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Evaluation of gut bacterial community composition and antimicrobial resistome in pregnant and non-pregnant women from Saudi population

Authors Khan I, Yasir M, Farman M, Kumosani T, AlBasri SF, Bajouh OS, Azhar EI

Received 9 January 2019

Accepted for publication 1 May 2019

Published 21 June 2019 Volume 2019:12 Pages 1749—1761


Checked for plagiarism Yes

Review by Single-blind

Peer reviewers approved by Dr Amy Norman

Peer reviewer comments 2

Editor who approved publication: Dr Sahil Khanna

Imran Khan,1–3,* Muhammad Yasir,1,4,* Muhammad Farman,1,5 Taha Kumosani,6 Samera F AlBasri,7 Osama S Bajouh,7 Esam I Azhar1,4

1Special Infectious Agents Unit, King Fahd Medical Research Center, King Abdulaziz University, Jeddah, Saudi Arabia; 2Biochemistry Department, Faculty of Science; Special Infectious Agents Unit, King Fahd Medical Research Center, King Abdulaziz University, Jeddah, Saudi Arabia; 3State Key Laboratory of Quality Research in Chinese Medicine, Macau University of Science and Technology Taipa, Macau, People’s Republic of China; 4Medical Laboratory Technology Department, Faculty of Applied Medical Sciences, King Abdulaziz University, Jeddah, Saudi Arabia; 5Department of Biology, King Abdulaziz University, Jeddah, Saudi Arabia; 6Biochemistry Department, Faculty of Science; Production of Bio-products for Industrial Applications Research Group, and Experimental Biochemistry Unit, King Fahd Medical Research Center, King Abdulaziz University, Jeddah, Saudi Arabia; 7Department of Obstetrics & Gynecology, King Abdul Aziz University Hospital, Jeddah, Saudi Arabia

*These authors contributed equally to this work

Background: Gut microbiota (GM) has recently been described as a functional reservoir of antimicrobial resistant genes (ARGs). However, the ARG-carrying bacterial species in the human gut has been poorly studied. This study, for the first time, is reporting bacterial communities’ composition and antimicrobial resistome in the stool samples of pregnant and non-pregnant (NP) Saudi females.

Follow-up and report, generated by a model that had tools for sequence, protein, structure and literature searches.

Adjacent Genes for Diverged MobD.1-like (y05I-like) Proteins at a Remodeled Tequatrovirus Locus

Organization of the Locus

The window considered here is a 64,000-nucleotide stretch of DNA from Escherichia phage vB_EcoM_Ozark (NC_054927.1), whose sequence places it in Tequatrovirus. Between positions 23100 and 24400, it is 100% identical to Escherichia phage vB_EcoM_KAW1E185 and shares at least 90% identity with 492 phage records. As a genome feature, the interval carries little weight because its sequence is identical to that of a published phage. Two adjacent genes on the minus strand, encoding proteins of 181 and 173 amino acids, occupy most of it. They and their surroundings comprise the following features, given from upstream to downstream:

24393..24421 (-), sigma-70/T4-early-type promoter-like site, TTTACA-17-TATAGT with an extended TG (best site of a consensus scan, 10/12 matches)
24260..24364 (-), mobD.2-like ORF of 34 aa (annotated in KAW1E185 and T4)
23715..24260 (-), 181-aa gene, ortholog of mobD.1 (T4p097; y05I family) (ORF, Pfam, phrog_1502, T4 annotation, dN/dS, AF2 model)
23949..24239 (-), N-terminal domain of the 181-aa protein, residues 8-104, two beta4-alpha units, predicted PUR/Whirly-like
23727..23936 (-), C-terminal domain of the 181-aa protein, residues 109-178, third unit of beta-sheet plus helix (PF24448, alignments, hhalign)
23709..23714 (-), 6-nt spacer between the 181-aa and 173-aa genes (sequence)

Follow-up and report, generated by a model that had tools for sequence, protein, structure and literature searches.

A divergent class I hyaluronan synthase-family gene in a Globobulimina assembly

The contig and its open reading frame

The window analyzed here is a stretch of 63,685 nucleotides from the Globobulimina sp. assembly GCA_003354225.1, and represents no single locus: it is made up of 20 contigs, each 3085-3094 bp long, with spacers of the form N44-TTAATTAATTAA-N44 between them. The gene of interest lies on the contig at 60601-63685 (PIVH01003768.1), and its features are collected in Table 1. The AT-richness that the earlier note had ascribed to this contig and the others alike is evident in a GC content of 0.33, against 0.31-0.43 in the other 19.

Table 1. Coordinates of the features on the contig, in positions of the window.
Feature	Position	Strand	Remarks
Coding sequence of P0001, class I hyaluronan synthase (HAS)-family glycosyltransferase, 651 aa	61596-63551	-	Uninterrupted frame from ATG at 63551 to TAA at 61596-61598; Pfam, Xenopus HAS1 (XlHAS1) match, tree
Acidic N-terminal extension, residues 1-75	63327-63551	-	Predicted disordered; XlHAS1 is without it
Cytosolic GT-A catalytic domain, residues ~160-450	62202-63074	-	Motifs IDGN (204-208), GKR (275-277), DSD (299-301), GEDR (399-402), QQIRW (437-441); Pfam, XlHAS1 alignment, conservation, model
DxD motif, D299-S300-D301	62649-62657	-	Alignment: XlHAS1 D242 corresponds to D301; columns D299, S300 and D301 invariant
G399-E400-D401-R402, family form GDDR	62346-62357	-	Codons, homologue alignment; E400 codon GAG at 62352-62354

Methods: Gut bacterial community composition was analyzed by 16S amplicon sequencing and culturomics. High throughput MALDI-TOF technique was used for identification of the isolates from stool samples and evaluated for resistance against 13 antibiotics using the agar dilution method. Clinically important ARGs were PCR amplified from genomic DNA of the stool samples using gene-specific primers.
Results: 16S amplicon sequencing revealed that GM of pregnant and NP women were predominantly comprised of phyla Firmicutes, Bacteroidetes, Proteobacteria, and Actinobacteria. Bacterial diversity decreased in pregnant groups, whereas phylum Bacteroidetes declined significantly (p<0.05) in the first trimester. We noticed a relatively high abundance of butyrate-producing bacteria (eg, Faecalibacterium spp. and Eubacterium spp.) in the gut of pregnant women, whereas Prevotella copri was found at significantly (p<0.01) higher abundance in NP women. Moreover, about 14,694 isolates were identified and classified into 132 distinct species. The majority of the species belonged to phyla Firmicutes and Proteobacteria. About 8,125 isolates exhibited resistance against antibiotics. Out of 73 resistant-species, Enterococcus was the most diverse genus and Escherichia coli was the highly prevalent bacterium. The majority of the isolates were resistant to antibiotics; trimethoprim/sulfamethoxazole, cycloserine, and cefixime. ARGs encoding resistance against aminoglycoside, macrolide, quinolone, β-lactam, and tetracycline antibiotics were predominantly found in genomic DNA of the stool samples.
Conclusion: We conclude that pregnancy-associated GM modulations may help to sustain a healthy pregnancy, but a higher proportion of antibiotic resistance could be deleterious for both maternal and fetal health.

Keywords: gut microbiota, antimicrobial resistance, metagenomics, culturomics, pregnancy, Saudi Arabia

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